Half of people living with HIV who need a repeat viral load test received it late
National study finds high levels of repeat viral load monitoring among people whose HIV treatment is beginning to fail – but test waiting times are too long.
The first national analysis of repeat viral load testing in South Africa finds that 85% of people on HIV treatment, with increasing viral loads, received further monitoring – but only half did so within the recommended time.
The World Health Organization (WHO) recommends viral load monitoring for people on antiretroviral treatment (ART) to determine whether someone’s treatment is succeeding or failing and whether a change in ART regimen is needed. If unaddressed, treatment failure leads to poor health for the individual and increases the risk of onward transmission.
Until 2019, HIV treatment guidelines in South Africa recommended repeat viral load testing within six months if someone’s viral load increased to between 400 and 1,000 copies/mL, and within two to three months if someone’s viral load went above 1,000 copies/mL.
To examine whether these targets are being met, researchers analysed national data relating to 3.5 million adults living with HIV on ART who had a viral load test between 2004 and 2014.
They found that just over 371,500 people went from being virally suppressed to having an increased viral load of at least 400 copies/mL. Of these, 84% received an additional viral load test within 24 months.
Around 56% of those with an increased viral load between 400 and 1,000 copies/mL had a repeat viral load test within the recommended six months. But the median waiting time for this group was 7.5 months – 1.5 months longer than recommended. Among those with an increased viral load above 1,000 copies/mL, 48% had an additional viral load test within the recommended time of two to three months. For this group, the median waiting time was 6.2 months – around double the recommended time.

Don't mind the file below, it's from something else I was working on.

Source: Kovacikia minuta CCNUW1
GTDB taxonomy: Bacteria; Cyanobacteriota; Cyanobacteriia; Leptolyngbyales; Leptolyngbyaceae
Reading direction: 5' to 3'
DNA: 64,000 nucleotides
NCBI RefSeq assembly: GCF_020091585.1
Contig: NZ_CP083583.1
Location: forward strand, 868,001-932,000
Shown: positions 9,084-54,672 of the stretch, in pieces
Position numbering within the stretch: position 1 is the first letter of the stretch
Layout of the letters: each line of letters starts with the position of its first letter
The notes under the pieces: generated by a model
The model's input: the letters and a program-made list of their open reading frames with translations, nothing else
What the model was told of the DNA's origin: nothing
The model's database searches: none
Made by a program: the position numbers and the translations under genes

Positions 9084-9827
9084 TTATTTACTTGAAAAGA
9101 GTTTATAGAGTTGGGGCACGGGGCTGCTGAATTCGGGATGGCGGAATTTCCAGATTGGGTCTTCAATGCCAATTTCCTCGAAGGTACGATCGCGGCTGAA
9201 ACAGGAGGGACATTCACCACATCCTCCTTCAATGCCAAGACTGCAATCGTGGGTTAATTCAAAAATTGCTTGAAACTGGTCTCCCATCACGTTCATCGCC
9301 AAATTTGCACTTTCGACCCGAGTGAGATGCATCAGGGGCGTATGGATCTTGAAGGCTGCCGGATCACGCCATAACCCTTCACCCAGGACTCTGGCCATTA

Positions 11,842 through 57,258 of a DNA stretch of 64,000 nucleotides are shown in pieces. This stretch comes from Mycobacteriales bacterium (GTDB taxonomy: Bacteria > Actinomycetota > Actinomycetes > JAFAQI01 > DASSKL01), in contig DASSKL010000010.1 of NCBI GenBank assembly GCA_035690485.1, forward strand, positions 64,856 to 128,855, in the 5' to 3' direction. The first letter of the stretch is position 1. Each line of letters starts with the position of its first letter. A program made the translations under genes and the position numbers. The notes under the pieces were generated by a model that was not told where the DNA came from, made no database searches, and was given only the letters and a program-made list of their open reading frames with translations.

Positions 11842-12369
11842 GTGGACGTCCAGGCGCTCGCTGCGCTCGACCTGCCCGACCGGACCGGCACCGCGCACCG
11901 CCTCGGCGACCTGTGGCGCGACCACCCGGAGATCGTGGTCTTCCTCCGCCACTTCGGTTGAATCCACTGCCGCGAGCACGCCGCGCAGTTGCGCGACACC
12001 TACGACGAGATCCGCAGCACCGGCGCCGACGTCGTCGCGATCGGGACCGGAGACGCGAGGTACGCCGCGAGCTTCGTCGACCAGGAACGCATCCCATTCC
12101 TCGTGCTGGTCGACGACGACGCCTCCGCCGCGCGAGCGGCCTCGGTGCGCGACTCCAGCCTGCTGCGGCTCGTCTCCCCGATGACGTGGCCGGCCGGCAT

Although the waiting time targets were missed overall, some individual provinces such as the Western Cape did meet national guidance. Others, such as Mpumalanga province, fared even worse than the national average at a waiting time of eight months.
The study found the waiting time to receive repeat viral load testing increased year on year from 2005 until 2012 when it levelled off. The proportion of people receiving a repeat viral load test within recommended times declined from 77% in 2005 to 45% in 2014. The authors note that this is to be expected as it reflects the increasing number of people in South Africa on ART in the past two decades.
The study found a small increase in repeat testing associated with higher viral load and very low CD4 counts at first increased viral load test. Being younger (under 25) was also associated with having to wait a longer time for repeat testing.
The reasons for delays in repeat testing were not examined by the study and more work is needed to understand what causes these delays in order to reduce them. Given the variation in waiting times between provinces, these efforts may need to focus on areas with the longest delays to make the most impact.
In 2019, South Africa changed its viral load monitoring guidelines. Now anyone with a viral load higher than 50 copies/mL is required to return for viral load testing after three months. It remains unclear what impact this will have on repeat testing. But given the current limitations on repeat testing at three months for those with high viral loads, monitoring patterns of repeat testing will be important for improving the health of people living with HIV whose treatment is beginning to fail.
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